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Pipeline Protesters Arrested in Vermont After Converging on Gov.'s Office

Oct 27, 2014
(Burlington Free Press)

Dozens of protesters entered the Pavilion Building in Montpelier on Monday afternoon with demands for Gov. Peter Shumlin to reverse his support for expanding a Vermont Gas pipeline in the state.

More than 80 demonstrators intent on civil disobedience stayed past the building's closing time and beyond an extra protest window, vowing to be arrested Monday night. The first arrest occurred at 7:55 p.m.

The protesters and the police agreed a few minutes earlier that the demonstrators would be escorted from the building by law enforcement, ticketed at a nearby van, and then sent on their way.

Climate Panel Sees Risk of 'Serious, Pervasive & Irreversible' Warming

Oct 27, 2014
(Reuters)

Climate change may have "serious, pervasive and irreversible" impacts on human society and nature, according to a draft U.N. report due for approval this week that says governments still have time to avert the worst.

Delegates from more than 100 governments and top scientists meet in Copenhagen on Oct 27-31 to edit the report, meant as the main guide for nations working on a U.N. deal to fight climate change at a summit in Paris in late 2015.

They will publish the study on Nov. 2.

Anti-Keystone XL Activists Plan Post-Elections Protest

Oct 24, 2014
(MSNBC)

After six years of administrative delays and internecine fighting, environmentalists’ last best chance to kill the Keystone XL could come during a 60 day window after next month’s election and before the new Congress gets sworn in.

The Obama administration controls the approval process for now, but if Republicans win control of the Senate, as expected, they plan to fast track legislation to greenlight the controversial pipeline. That gives opponents one more chance to try to convince the president to reject the pipeline before the landscapes shifts against them, which could happen if Republicans control both chambers of Congress come January.

China's Coal Use Falls for First Time This Century, Analysis Suggests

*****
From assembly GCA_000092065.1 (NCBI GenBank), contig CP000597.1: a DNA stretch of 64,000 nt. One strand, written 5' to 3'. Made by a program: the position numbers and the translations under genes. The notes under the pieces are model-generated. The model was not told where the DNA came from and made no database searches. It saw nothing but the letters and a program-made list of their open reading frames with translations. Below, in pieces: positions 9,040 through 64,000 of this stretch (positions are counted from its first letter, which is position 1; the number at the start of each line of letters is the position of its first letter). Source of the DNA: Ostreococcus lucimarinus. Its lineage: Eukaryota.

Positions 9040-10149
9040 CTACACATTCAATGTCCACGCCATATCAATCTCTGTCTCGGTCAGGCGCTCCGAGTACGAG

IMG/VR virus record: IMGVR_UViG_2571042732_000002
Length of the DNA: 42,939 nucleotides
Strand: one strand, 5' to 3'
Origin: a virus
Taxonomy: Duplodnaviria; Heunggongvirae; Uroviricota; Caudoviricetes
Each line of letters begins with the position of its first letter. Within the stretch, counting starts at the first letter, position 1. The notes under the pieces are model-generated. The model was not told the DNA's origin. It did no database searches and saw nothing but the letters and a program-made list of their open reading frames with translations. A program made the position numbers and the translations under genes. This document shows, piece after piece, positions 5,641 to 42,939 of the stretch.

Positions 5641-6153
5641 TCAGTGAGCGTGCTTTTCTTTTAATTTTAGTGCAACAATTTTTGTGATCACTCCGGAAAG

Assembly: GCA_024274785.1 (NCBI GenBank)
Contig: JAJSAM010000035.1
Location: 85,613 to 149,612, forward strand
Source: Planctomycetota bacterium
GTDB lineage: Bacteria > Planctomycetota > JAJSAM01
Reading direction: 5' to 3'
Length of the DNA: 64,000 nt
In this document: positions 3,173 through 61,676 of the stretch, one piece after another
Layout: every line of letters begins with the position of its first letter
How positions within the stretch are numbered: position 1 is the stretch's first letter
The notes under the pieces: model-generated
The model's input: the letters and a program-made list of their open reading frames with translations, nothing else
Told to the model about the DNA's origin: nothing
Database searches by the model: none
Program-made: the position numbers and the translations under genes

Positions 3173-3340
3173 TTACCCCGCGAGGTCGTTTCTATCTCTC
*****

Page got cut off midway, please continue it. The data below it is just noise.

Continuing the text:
Oct 23, 2014
(Guardian)

The amount of coal being burned by China has fallen for the first time this century, according to an analysis of official statistics.

China's booming coal in the last decade has been the major contributor to the fast-rising carbon emissions that drive climate change, making the first fall a significant moment.

The amount of coal burned in the first three-quarters of 2014 was 1-2% lower than a year earlier, according to Greenpeace energy analysts in China. The drop contrasts sharply with the 5-10% annual growth rates seen since the early years of the century.

"The significance is that if the coal consumption growth we have seen in China in the last 10 years went on, we would lose any hope of bringing climate change under control," said Lauri Myllyvirta at Greenpeace East Asia. "The turnaround now gives a window of opportunity."

Such a turnaround would potentially have a large impact on the biggest coal exporting countries such as Indonesia and Australia, which have profited from China’s demand for the fuel.

At the UN climate change summit in New York in September, China said it would start to reduce the nation's huge carbon emissions "as early as possible."

Myllyvirta warned that year-to-year fluctuations in energy use and industrial prediction could see coal burning grow again in future. "It may not be the peak yet, but it is a sign that China is moving away from coal." Climate scientists say that global carbon emissions need to peak by 2020 and rapidly decline to avoid dangerous climate change.

Myllyvirta said the greatest significance of the current drop in coal use was that economic growth had continued at 7.4% at the same time, although that is a lower rate than in recent years. "The Chinese economy is divorcing coal," he said. By contrast, the tripling of the Chinese economy since 2002 was accompanied by a doubling of coal use.

World's Scientists Call on Canadian PM Stephen Harper to Restore Science Funding, Freedom

Oct 21, 2014
(CBC News)

Hundreds of scientists around the world are asking Prime Minister Stephen Harper to end "burdensome restrictions on scientific communication and collaboration faced by Canadian government scientists."

The call was made in an open letter drafted by the Cambridge, Mass.-based Union of Concerned Scientists, a group that represents U.S. scientists and uses science to advocate for environmental sustainability.